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History of the VA

Before the United States was even an independent nation, soldiers who have fought to protect have been cared for. During the American Revolutionary War, the Continental Congress set out to provide pensions for soldiers who became disabled due to war related injuries. Following the Civil War, states began to establish homes to care for veterans.

During the major World Wars of the 20th century, the need to take care of veterans became very evident. In 1917 and 1944 Congress took important steps to create many additional benefits for service men and women returning home from service. Over time, the United States has established the Department of Veterans Affairs to help manage these benefits for veterans.

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History of the VA

History of the VA

Pre-1775 The idea of the U.S. providing care for its soldiers dates back to 1636, when the pilgrims of Plymouth Colony were battling the Pequot Indians.

1776 - In an effort to encourage enlistment during the American Revolutionary War, the Continental Congress provides pensions to soldiers who became disabled as a result of service. In addition, individual states and communities provided medical care to soldiers during the war.

1811 - The federal government authorizes the first medical care facilities for veterans.

1815 - \"Washington Crossing the Delaware,\" a painting by Emanuel Gottlieb Leutze, depicts a famous scene of the American Revolutionary War.

1834 - The first federally funded medical facilities for veterans open.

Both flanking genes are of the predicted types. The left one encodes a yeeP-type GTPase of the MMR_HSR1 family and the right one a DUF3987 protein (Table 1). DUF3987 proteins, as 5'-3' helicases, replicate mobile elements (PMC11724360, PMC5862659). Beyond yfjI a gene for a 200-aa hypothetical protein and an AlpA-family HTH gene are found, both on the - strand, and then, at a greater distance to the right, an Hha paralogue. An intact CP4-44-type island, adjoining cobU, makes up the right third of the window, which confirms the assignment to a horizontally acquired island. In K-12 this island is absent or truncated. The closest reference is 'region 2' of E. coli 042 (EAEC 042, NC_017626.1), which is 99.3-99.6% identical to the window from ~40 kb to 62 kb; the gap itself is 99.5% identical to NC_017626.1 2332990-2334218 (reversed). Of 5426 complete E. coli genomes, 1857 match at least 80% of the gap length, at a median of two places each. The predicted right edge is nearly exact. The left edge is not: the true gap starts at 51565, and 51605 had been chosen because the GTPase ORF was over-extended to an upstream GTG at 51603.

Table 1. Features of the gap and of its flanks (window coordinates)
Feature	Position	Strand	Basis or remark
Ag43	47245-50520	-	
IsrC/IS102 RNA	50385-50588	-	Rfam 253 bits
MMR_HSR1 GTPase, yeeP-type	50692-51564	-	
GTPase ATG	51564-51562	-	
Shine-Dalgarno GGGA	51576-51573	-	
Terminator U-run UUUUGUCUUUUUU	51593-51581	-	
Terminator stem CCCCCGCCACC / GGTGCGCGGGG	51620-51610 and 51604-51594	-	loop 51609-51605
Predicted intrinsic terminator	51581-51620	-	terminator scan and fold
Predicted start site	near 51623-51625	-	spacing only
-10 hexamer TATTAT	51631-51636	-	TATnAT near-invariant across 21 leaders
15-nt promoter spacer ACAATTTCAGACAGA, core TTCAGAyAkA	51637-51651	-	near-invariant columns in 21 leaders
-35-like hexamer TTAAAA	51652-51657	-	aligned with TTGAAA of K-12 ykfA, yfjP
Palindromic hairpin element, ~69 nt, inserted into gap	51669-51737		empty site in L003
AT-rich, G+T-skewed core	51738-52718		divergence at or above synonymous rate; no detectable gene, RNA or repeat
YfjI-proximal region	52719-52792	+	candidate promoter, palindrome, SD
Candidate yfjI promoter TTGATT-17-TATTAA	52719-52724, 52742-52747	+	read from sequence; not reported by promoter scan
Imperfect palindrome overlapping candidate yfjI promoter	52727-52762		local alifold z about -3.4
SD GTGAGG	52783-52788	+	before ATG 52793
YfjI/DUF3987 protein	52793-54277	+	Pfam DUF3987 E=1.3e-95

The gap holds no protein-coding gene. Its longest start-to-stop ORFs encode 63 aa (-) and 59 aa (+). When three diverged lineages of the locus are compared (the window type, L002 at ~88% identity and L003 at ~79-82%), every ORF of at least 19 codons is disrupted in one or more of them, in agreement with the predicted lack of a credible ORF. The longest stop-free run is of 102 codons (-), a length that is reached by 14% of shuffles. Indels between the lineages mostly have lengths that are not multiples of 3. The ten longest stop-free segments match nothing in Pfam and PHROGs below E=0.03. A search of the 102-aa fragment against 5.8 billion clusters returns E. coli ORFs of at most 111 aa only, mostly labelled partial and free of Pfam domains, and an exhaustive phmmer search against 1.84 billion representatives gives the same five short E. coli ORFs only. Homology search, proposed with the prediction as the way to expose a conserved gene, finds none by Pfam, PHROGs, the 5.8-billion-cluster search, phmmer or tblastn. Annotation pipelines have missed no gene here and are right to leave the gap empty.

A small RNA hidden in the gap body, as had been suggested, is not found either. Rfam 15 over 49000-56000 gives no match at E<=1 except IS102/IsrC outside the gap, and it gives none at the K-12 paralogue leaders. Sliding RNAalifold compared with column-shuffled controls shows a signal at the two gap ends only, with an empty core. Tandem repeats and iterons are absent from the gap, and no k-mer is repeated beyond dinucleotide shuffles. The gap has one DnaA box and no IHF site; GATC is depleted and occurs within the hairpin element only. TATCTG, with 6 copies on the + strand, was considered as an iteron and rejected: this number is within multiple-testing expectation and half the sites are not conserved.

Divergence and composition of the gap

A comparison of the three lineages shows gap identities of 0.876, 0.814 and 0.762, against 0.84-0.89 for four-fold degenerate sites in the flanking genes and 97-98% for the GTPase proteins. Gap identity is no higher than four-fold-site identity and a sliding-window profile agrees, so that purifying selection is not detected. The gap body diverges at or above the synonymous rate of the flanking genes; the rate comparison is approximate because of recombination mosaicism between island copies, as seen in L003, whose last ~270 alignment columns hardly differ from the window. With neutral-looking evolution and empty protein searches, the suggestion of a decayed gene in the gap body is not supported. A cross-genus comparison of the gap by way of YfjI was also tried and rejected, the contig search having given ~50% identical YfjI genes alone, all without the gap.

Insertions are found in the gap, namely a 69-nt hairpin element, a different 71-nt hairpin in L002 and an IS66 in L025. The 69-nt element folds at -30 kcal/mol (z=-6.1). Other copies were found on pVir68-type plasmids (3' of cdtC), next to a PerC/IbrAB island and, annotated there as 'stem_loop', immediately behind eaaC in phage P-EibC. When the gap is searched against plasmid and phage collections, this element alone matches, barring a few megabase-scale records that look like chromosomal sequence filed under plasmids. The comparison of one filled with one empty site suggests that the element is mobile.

1865 - After the conclusion of the Civil War, many states begin establishing homes for veteran care.

1917 - When the U.S. enters World War I, Congress creates a new system of benefits for soldiers and veterans. This system includes disability compensation, insurance and vocational rehabilitation.

1920 - At this point, benefits for veterans are handled by three separate agencies: the Veterans Bureau, the Bureau of Pensions in the Department of the Interior and the National Home for Disabled Volunteer Soldiers.

1930 - Congress authorizes the president to consolidate government activities affecting veterans into a single administrative body. The then-director of the Veterans Bureau, Brigadier Gen. Frank T. Hines, is named administrator of the newly formed Veterans Administration. He will hold this post until 1945.

June 22, 1944 - Congress passes the Servicemen's Readjustment Act of 1944, a key move that creates additional benefits for veterans.

1973 - The U.S. switches to an \"all-volunteer force,\" ending conscription. Meanwhile, the Veterans Administration assumes control of the National Cemetery System from the Department of the Army (with the exception of Arlington National Cemetery).

March 15, 1989 - President George H.W. Bush establishes the Department of Veterans Affairs as a cabinet level position. Says Bush: \"There is only one place for the veterans of America, in the Cabinet Room, at the table with the President of the United States of America.\"

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